There are a few things I’ve realized in the 5 years I have been a parent. Yes, I am not seasoned by any means, but I have noticed some things just aren’t worth your time with small children. At. All. So save it for something else more worthwhile.
I would love to think that my vacuuming does ANYTHING for my house. There are forever crumbs everywhere, in places I would never thought possible (bathroom? on the stairs to upstairs, where we NEVER allow food? Seriously?!?) In any case, I’d like to have a somewhat clean house and not feel like we aren’t slobs. I vacuum using the big vacuum once a week, and then do quick pickups with the Swiffer vacuum nightly, but I can never get caught up. Ever. Case en point, I found solidified pizza cheese on the floor after I had Swiffered and mopped. Where the HELL did it come from!?!? Who the eff knows. I wouldn’t say I’ve given up so that I wouldn’t ever vacuum my house again (although it’s quite tempting). But I’ve given up on keeping up with it and making my house look any shade of clean (forget immaculate. We are going for liveable.)
2. Thinking you’ll ever be “caught up” with laundry.
I have two small kids. They get into A LOT of shit. My eldest came home one day with paint all over the arms of their super cute new shirt and my youngest had graham cracker crumbs in their pockets. Include the potty training hell of accidents and my eldest’s desire to constantly change clothes/socks leads to multiple loads of laundry. And those things that are supposed to be washed often because of the sheer grossness of not for extended periods of time? Forget that shit. I recall when I had literally just washed my eldest’s bedding, which hadn’t been done in 1001 days, and then they peed through their pull-up that same night. Honestly, what the hell was the point? Now I reserve things like that for after sick times (not like it helps get rid of the virus, but it does make me feel better to do it) and accident times. And their clothes? Maybe I can just buy enough that they can get through for longer than a day without me having to do their laundry. Don’t even get me started on my youngest’s request to wear their Thomas shirt or their blue warm up pants daily. (No, you wore it yesterday. It’s dirty and full of who knows what from school. No, I will not do a load of laundry just so you can wear it AGAIN.)
3. Husband help.
He has gotten SO much better. He does help. A lot. He chips in when he needs to or when I ask. But when it comes down to it, it will never be the way we as wives hope it will be. I have to ask him, he doesn’t always just do it. When I ask him to take over the first part of the bedtime routine, I find that I have to undo his doing, because now the kids are all jacked up and screaming and shouting and it’s time for book and they can’t calm down. Amazing and never fails to happen. We divide and conquer when it comes to making the kids lunches. So when my eldest has a shit ton of not-so-great stuff to eat and the teacher made a comment about it, I had to grin and bear it and blame the shit out of my husband. Yep, I did. At the times that my kids will turn to me when I have my hands full and am trying to do 1001 things and my husband sits (or naps) idly by, I realize this is my reality. So I will grin and bear it with a huge glass of wine. And pretend not to hear when my kids need something so he gets off his ass when I haven’t necessarily asked for his help.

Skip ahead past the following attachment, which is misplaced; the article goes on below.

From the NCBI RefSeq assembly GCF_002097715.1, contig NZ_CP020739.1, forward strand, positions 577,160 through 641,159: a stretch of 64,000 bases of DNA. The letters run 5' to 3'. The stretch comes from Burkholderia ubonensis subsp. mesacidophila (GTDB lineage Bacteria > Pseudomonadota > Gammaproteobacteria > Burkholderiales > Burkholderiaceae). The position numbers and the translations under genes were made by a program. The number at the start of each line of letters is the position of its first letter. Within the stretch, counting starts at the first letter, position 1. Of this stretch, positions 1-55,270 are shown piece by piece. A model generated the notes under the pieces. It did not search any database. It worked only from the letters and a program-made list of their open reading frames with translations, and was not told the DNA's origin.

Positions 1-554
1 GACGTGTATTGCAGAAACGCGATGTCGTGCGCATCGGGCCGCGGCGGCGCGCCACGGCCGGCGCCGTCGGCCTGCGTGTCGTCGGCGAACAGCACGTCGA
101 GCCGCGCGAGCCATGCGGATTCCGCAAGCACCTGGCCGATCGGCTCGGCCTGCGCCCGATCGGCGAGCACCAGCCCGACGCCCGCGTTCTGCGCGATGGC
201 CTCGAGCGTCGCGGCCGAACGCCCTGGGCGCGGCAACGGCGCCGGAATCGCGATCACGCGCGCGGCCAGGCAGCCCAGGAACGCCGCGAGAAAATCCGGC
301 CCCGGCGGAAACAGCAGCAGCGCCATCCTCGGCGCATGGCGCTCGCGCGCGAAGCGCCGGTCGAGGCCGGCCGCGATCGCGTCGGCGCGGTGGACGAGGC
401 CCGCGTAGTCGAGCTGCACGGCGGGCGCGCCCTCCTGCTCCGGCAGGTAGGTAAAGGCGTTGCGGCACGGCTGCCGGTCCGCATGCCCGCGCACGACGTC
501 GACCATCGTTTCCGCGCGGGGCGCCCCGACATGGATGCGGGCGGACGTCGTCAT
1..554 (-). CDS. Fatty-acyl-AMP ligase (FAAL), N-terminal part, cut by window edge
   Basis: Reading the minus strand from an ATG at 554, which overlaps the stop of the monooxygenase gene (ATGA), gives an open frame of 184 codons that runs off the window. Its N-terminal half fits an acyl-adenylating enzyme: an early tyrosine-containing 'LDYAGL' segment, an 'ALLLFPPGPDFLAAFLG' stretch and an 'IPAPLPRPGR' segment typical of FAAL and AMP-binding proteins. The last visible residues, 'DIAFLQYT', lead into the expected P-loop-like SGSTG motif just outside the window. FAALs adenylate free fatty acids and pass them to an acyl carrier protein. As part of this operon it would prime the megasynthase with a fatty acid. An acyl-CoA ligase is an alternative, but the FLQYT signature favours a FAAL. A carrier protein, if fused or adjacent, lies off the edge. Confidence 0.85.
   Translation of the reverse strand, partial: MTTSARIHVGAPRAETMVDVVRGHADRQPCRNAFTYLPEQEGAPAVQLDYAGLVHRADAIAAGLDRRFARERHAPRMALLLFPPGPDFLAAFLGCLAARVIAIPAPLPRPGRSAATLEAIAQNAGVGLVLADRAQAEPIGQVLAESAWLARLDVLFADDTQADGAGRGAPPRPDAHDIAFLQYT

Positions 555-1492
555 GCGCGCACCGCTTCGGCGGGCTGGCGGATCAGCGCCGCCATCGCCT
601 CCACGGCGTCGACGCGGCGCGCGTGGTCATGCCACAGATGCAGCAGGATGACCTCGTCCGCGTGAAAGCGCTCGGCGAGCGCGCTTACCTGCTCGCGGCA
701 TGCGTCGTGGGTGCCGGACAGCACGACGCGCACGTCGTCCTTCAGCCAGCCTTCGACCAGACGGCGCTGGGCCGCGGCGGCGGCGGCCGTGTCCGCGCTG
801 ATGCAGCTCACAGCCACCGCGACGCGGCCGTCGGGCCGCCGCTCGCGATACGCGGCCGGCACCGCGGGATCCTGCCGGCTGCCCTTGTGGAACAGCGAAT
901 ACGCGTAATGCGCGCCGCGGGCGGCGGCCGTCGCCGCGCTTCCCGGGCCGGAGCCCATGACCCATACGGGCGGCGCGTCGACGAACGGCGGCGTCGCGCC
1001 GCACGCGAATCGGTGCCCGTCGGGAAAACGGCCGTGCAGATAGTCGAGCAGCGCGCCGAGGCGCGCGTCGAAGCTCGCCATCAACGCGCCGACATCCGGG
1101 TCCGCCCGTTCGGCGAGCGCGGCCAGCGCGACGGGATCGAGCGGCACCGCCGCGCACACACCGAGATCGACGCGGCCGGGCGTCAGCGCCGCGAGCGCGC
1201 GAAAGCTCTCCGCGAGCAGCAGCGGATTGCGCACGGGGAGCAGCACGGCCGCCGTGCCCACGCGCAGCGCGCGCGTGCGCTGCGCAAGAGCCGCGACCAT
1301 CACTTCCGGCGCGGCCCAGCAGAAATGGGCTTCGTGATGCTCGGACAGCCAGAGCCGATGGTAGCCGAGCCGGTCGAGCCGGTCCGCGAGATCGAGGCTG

4. Having the “last word” with a toddler.
I’ve recently had some problems with this one. My youngest likes to get the last word in. All. The. Time. It’s effing annoying. So I try to cut them off. Again and again. And it doesn’t work. I try to even do the whole “zip-it” routine circa 1997 from Austin Powers, but regardless of how it makes me chuckle, it has no effect on how my youngest is going to continue to try to get their point across at whatever cost. I’ve given up there. I explain it, I cut them off, and then I walk away or just ignore. Is that the right way to do it? I don’t know. My husband claims my eldest was the same way when they were that age, but I’ll be damned if I remember (screw you, mommy brain). Coping isn’t as difficult as trying to explain to a 3 year old why it isn’t nice to keep harping on something really small and insignificant.
5. Explaining anything to children. Doesn’t matter the age.
A few reasons why this just all and all sucks with a capital S. When they are younger, they don’t get the reason why they have to do something, and trying to explain it is like trying to convince your husband he isn’t really babysitting when he stays home with the kids. So you just say no, or because mommy says so, and move on. As they get older, when you’d THINK they could actually comprehend some reasons, you try. But then, they tune you out. Or they continue to ask why, even if you already told them. Developmentally they should be able to understand some semblance of your explanation, but if you make it too complicated, they just think you’re putting them on. They understand when they are being played, but they don’t understand why they can’t have another Oreo? Yes. I’m so sick of trying to explain things that I eventually revert back to the mommy says so reason because I want to pull my hair out. And, looking back to #4, with a kid to tries to get the last word in, my cards are already stacked against me.
Consider this a polite warning. You can try to achieve all of these things and hope that your sanity prevails. But I’m telling you, you can spend your time and energy doing other things that are more worthwhile. And save your sanity in the process.